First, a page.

Home price growth in January soared by 10 percent year over year, a rate of growth unseen since 2013.

According to the latest data from property analytics provider CoreLogic released on Tuesday, record-low mortgage rates and a nationwide inventory shortage came together to create an extremely competitive market despite the challenges posed by widespread unemployment amid the pandemic.


That carried over into the first month of 2021, when double-digit home value growth was observed for the first time in nearly eight years. But while the sky-high growth can seem like a boon for homeowners, it is stalling the market for both buyers and sellers.

CoreLogic found that 76 percent of U.S. non-homeowners aged 18 or older have no plans to buy a home in the next six months and 43 percent said the primary reason for that was not being able to afford the down payment or mortgage.

“Record-low mortgage rates were a significant driving force behind last year’s rebound in housing market activity,” Frank Martell, president and CEO of CoreLogic, said in a prepared statement. “However, heavy competition for the few houses on the market drove home prices to historic highs, and mortgage rates are no longer enough to sway the affordability challenges for consumers. While new construction may help balance home prices towards the end of 2021, we may expect to see demand slow in the medium-term.”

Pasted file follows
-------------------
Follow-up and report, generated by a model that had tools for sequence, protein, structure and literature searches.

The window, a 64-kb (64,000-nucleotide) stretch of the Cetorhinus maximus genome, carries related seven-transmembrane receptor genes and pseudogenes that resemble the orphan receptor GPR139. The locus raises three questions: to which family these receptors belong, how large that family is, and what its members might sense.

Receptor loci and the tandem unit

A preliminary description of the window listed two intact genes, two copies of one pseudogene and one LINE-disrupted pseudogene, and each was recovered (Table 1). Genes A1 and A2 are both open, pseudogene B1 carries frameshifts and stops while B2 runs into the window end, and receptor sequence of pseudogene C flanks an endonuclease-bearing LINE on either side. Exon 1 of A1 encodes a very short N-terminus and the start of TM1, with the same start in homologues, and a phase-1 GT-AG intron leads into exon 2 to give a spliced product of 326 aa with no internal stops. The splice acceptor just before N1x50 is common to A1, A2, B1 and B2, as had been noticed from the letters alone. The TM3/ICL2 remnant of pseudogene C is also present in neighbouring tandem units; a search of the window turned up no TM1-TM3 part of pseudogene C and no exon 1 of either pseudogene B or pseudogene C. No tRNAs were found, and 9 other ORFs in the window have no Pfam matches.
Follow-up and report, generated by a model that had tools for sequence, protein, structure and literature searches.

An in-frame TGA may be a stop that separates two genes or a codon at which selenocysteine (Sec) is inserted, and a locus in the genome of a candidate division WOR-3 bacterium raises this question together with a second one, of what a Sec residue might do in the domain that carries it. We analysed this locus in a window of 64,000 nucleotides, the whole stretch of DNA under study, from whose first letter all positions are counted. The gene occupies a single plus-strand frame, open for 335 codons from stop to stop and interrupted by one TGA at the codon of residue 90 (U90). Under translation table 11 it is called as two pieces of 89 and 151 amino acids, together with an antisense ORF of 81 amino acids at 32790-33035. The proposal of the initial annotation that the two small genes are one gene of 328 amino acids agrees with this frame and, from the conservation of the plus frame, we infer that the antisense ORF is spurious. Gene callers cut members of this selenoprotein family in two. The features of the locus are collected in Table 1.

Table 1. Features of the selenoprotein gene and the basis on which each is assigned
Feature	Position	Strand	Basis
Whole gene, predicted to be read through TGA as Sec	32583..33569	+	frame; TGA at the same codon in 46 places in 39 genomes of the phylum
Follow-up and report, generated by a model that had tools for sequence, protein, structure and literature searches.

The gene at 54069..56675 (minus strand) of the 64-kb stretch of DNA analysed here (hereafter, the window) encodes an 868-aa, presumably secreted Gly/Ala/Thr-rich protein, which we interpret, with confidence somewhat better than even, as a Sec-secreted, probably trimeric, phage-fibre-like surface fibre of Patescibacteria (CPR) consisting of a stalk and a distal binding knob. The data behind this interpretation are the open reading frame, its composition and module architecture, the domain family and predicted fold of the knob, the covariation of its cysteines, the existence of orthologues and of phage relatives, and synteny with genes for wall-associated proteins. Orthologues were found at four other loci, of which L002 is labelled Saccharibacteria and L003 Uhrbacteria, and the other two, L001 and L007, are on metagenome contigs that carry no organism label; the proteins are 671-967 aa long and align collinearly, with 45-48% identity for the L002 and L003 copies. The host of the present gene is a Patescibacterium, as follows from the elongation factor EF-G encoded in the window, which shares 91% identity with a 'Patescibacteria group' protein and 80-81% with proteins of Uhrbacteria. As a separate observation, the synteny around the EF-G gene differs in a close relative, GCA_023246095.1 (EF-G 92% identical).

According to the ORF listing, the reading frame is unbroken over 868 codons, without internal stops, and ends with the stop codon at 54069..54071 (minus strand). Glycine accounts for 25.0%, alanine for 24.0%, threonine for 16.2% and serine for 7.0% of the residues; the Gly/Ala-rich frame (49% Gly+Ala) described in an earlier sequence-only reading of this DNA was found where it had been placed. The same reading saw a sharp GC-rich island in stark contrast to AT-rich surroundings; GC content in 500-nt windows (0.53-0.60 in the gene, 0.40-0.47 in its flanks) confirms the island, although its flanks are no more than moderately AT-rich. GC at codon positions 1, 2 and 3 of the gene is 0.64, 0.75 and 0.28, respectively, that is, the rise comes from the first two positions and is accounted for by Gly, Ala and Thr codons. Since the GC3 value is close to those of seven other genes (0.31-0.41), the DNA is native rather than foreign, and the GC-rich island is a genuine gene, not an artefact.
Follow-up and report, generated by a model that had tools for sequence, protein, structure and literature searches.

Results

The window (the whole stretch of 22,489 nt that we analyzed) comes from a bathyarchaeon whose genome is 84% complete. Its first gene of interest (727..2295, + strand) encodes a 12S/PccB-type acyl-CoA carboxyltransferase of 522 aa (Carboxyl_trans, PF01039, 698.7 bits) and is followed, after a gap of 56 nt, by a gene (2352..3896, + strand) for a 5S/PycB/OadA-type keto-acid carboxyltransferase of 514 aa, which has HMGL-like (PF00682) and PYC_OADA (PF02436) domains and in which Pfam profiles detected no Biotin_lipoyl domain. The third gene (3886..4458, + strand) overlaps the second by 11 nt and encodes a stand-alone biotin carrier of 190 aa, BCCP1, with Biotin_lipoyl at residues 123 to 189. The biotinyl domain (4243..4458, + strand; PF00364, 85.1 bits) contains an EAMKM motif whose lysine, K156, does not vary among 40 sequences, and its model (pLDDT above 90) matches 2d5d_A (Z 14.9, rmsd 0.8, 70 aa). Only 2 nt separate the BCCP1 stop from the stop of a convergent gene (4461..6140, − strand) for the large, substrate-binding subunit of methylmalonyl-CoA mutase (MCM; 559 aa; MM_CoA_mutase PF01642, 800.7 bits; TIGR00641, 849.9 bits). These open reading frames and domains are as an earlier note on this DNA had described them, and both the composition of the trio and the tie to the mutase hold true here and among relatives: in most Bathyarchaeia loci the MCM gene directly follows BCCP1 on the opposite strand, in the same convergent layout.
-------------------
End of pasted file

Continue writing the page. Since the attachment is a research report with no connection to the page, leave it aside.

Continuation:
As the pandemic pushed many city-dwellers into more rural areas, Idaho, Montana, Maine and Indiana saw some of the highest growth at 21 percent, 17.4 percent and a 15.3 percent tie, respectively. Already known for its sky-high prices, San Diego saw its average home rise by 11 percent while homes less than the average price rose even more.


While many homeowners are holding off on placing their home on the market in the hopes of seeing prices grow even more, first-time buyers are feeling priced out and holding off on buying altogether. Part of the solution may come from new construction and development but, as CoreLogic found, the rates of both are simply not keeping up with the sky-high demand for both affordable and average-priced homes.

“Despite first-time buyers driving high demand, entry-level homes remain in short supply,” Dr. Frank Nothaft, chief economist at CoreLogic, said in a prepared statement. “Homes priced below 75 percent of the local median price had 14 percent annual appreciation, negating most of the benefits of record-low mortgage rates. When interest rates rise, the affordability squeeze for first-time buyers will become even more of a challenge.”

Email Veronika Bondarenko

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